SYDNEY, Dec. 7 (Xinhua) -- An Australian think tank report revealed that despite the soured bilateral relationship, the Chinese market is still attractive for Australian businesses and the opportunities in China haven't disappeared.
The report, published on Tuesday by the Australia-China Relations Institute (ACRI) of University of Technologies Sydney, was based on a broad interview with Australian businesses leaders in a variety of industries.
The report documents that Australian executives are still keen on doing business with China and fully intend to continue to do so. This chimes with data from the Australian Bureau of Statistics showing that more Australian businesses are engaging with China than ever before and the annual value of total two-way trade continues to bounce off records highs, 267 billion Australian dollars (188 billion U.S. dollars) at the latest count.
Report author and Adjunct Industry Fellow of ACRI Glenda Korporaal told Xinhua that there are several factors behind Australian businesses' continued interest in the Chinese market.
"China is a very big market, second-largest economy, one of the fastest-growing in our region. Despite the language and cultural differences, there is somehow an underlying strength in the people-to-people relationship. There's also a fundamental complementarity between the Australian and the Chinese economy."
"So that fundamental is still there. Obviously, you have to overlay the politics over it. But those factors are still there," she said.
Data from the Australian Bureau of Statistics listed out by the report show that the number of Australian exporters to China grew from 6,231 in 2014-15 to 8,184 in 2018-19 and the number continues to grow.
Kristy Carr, Chief Executive Officer of Bubs Australia Limited, lived in China and engaged with the Chinese market for years. She told the webinar held by ACRI on Tuesday that "Chinese businesses and Chinese people were just wonderful to do business with."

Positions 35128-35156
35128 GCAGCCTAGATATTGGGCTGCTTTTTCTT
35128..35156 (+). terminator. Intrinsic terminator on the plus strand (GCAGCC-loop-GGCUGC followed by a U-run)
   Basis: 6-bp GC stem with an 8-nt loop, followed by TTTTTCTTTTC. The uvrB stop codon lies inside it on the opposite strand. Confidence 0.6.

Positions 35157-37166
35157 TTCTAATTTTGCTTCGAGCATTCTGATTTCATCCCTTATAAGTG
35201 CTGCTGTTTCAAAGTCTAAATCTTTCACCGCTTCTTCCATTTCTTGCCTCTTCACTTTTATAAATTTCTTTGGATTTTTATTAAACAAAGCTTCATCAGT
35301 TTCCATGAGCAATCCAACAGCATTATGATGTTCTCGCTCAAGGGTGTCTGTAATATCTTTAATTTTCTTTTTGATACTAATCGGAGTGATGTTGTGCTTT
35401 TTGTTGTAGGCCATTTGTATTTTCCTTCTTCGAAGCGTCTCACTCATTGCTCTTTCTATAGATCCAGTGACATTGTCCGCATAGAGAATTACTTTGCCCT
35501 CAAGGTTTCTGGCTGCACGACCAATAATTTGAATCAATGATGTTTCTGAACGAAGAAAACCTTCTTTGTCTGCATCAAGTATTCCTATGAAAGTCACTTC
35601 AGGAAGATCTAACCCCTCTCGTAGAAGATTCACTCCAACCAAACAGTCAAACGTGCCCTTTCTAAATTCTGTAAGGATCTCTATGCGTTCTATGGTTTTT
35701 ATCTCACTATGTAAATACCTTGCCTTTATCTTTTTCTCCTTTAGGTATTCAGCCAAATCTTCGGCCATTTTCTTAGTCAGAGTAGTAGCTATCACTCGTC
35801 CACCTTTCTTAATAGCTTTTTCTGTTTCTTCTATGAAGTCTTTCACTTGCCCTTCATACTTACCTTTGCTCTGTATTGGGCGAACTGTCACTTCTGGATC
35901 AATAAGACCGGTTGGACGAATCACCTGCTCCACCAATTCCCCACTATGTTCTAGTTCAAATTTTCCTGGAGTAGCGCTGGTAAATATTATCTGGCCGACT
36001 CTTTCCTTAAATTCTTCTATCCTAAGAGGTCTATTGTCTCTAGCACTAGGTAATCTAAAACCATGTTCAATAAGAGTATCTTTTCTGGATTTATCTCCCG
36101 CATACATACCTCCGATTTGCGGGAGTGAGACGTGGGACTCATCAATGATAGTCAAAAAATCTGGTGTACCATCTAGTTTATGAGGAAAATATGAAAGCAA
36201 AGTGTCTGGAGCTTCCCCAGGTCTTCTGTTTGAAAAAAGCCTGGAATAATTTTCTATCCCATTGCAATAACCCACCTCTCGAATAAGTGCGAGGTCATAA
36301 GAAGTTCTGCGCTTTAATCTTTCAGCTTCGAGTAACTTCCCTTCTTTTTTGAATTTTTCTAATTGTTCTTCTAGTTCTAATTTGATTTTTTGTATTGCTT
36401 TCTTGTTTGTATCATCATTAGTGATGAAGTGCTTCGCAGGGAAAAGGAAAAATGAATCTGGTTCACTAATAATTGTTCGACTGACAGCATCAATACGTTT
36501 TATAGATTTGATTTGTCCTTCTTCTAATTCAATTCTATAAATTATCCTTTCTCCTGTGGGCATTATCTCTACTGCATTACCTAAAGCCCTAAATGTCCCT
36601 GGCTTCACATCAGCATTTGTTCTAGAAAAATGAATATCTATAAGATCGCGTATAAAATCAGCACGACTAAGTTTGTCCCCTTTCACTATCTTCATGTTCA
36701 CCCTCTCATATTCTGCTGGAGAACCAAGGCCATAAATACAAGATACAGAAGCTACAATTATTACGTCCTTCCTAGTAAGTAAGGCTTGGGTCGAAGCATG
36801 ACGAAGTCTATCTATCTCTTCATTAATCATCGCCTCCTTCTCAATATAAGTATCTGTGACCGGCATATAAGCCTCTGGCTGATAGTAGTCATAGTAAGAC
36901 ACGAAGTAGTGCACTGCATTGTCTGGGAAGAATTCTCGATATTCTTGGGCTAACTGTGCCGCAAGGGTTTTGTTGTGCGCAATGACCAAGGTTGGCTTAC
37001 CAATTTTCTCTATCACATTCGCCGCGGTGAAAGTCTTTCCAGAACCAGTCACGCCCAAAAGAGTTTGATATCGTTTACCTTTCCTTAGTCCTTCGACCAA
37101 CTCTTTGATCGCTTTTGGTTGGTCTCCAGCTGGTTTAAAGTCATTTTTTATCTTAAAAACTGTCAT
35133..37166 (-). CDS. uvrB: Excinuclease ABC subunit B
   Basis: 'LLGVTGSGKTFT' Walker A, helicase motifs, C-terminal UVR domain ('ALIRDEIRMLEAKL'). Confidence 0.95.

"They're hard workers, they move at a pace like no one I've ever come across… If you're looking to build a high growth business, there's no other market like China to be able to, to build that kind of growth," Carr said.
Besides the basic economic complementarities, the report also found China is not only a market, but also a key supplier as well as a collaborator on innovation. Engaging with China also helps with diversifying to new markets.
"The Chinese consumer and the e-commerce platforms they make purchases on were identified as the most sophisticated in the world. The speed of change in the China market is unparalleled and hard for many in Australia to fully appreciate. This meant lessons gained from the China market could be deployed elsewhere to raise the chances of success," read the report.
As for challenges and risks in the future, especially given the soured bilateral relationship, changing geopolitical situation, as well as supply chain disruptions due to the COVID-19 pandemic, the report found recognizing and managing risk is part of what businesses do naturally, and dealing with uncertainty goes with the territory and breeds resilience.
Carr said the Chinese market has always been a very challenging and dynamic market to do business with, but that's "part of the energy and part of the fun."
"I think every time the barriers to entry get a little bit harder, I just look at it and so I've lost another tail of competitors behind me."
Korporaal said the Australians need to be able to navigate complexity.
"There are multiple strands of any relationship… We need to be able to have a multi-stranded relationship with China. We need to be able to navigate complexity."
"We should be prepared that it is going to have many strands including difficult politics, but the opportunities are also big. So can we navigate complexity will be the key to Australia's future," Korporaal said. Enditem